If you choose this option, we will guide you through preparing the necessary parts of your environment before turning it on.

Once you're ready, you've got two choices:

  1. Turn it on immediately: give your users 14 days to register and just get it done.

  2. Encourage adoption first: for minimal disruption, you can use the Push platform to monitor and encourage user registration before turning it on when you know most users are already registered.

Let's get started!

Configuring your environment

Security Defaults is designed to be simple so all you need to do beforehand is make sure you aren't using legacy authentication:

Stop using legacy authentication

Before you can block legacy authentication, you must make sure no one in your organisation is using it. For example, does anyone use Office 2010 or 2013 still? Office 2010 doesn't support modern authentication and Office 2013 doesn't use it by default. Blocking legacy authentication without first modernising any legitimate use will likely break things in your team.

Depending on the age of the your Azure AD tenant, you might need to also enable modern authentication.

Follow the official Microsoft documentation on blocking legacy authentication that includes steps to find accounts that still use legacy authentication, and instructions to enable modern authentication.

If you are curious about what legacy and modern authentication is and want more background, read this blog post by the Microsoft Identity team.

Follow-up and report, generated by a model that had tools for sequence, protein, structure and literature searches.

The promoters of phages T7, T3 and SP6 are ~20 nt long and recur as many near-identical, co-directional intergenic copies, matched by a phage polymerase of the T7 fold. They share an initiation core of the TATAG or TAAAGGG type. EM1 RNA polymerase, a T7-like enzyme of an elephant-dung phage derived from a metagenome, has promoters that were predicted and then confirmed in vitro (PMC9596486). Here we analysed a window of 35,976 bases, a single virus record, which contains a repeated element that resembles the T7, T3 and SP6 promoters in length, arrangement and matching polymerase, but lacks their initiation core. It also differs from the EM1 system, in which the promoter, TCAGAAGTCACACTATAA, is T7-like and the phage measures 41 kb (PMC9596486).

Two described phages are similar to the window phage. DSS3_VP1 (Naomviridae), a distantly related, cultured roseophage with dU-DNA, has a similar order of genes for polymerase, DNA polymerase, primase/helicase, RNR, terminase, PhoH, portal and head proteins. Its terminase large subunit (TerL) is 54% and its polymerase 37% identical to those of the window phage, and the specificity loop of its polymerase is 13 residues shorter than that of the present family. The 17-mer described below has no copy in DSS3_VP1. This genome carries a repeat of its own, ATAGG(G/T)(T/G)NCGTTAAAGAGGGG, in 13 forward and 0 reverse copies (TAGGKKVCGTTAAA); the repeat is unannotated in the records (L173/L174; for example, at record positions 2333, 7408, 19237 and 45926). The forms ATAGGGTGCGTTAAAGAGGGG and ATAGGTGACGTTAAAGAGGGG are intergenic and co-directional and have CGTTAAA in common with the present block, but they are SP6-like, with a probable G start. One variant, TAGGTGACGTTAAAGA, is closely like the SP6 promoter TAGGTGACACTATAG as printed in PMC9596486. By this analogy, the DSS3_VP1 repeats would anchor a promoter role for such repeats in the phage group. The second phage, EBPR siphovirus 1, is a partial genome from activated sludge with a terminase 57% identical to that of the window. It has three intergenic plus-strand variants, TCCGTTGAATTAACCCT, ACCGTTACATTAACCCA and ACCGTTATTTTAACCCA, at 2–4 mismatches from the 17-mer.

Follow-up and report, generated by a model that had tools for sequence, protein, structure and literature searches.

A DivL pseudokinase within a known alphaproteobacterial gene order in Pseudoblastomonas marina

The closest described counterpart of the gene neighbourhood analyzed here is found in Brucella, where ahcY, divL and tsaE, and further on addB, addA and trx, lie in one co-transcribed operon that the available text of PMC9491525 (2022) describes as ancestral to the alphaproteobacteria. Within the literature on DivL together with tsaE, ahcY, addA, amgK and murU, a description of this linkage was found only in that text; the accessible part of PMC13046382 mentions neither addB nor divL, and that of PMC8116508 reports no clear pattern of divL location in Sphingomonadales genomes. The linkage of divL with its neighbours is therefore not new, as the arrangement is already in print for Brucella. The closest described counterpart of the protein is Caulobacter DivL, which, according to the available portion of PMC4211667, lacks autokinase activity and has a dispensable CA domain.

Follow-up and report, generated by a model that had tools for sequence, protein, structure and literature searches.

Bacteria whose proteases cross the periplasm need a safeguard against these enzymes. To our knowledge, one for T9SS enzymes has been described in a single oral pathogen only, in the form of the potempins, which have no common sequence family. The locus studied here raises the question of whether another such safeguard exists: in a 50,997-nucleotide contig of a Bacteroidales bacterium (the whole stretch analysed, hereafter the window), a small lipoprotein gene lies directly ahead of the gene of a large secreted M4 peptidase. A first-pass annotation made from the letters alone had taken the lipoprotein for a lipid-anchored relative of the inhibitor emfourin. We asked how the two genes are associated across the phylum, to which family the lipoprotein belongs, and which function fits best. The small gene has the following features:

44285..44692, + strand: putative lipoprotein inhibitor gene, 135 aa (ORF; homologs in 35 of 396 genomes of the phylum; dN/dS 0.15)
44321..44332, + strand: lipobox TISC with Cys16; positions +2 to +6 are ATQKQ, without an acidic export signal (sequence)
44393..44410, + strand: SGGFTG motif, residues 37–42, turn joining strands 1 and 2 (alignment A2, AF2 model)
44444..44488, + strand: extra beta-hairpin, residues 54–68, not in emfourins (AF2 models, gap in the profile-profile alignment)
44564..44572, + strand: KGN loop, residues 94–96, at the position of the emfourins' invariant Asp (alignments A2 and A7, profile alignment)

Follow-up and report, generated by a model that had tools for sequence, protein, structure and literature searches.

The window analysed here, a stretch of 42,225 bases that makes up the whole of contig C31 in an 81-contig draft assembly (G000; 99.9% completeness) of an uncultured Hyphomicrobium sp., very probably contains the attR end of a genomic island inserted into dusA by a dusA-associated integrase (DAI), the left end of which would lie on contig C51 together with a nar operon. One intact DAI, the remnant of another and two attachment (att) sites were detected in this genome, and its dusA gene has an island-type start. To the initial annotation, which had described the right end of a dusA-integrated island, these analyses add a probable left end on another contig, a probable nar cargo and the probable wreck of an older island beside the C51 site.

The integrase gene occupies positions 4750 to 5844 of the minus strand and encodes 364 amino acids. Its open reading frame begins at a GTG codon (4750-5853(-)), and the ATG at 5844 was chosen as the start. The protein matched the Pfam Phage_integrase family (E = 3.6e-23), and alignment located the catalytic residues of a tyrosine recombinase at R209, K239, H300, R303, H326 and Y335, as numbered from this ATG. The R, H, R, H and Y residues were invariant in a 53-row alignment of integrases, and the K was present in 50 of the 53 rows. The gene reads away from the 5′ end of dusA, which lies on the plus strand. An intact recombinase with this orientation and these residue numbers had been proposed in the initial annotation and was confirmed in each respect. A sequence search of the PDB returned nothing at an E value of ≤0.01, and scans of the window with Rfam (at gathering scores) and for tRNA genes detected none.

Get your users registered for MFA with minimal effort using the Push platform

Before enforcing MFA, you should aim to get most users registered for MFA to avoid disruption but figuring out who needs to register and engaging with each of them is a hugely time-consuming process.

Use the Push platform to quickly see who hasn't registered for MFA yet and use ChatOps to engage with them automatically to get it done with ease.

Enforcing MFA

When you are ready to do so, enabling Security Defaults is quick and simple by following the steps below.

To follow this guide you will need:

  • The correct role: the

    Security Administrator
    ,
    Conditional Access Administrator
    , or
    Global Administrator
    roles are needed to perform these steps.

Step 1

Navigate to the Azure Active Directory blade in the Azure Active Directory admin center.

Step 2

From the side menu, select Properties:

M365: Azure AD, Properties

Step 3

At the bottom of the page, select "Manage Security Defaults":

M365-manage-security-defaults

Step 4

A side menu to "Enable Security Defaults" should appear with a single control to enable Security Defaults. Slide it over to Yes.

M365-enable-security-defaults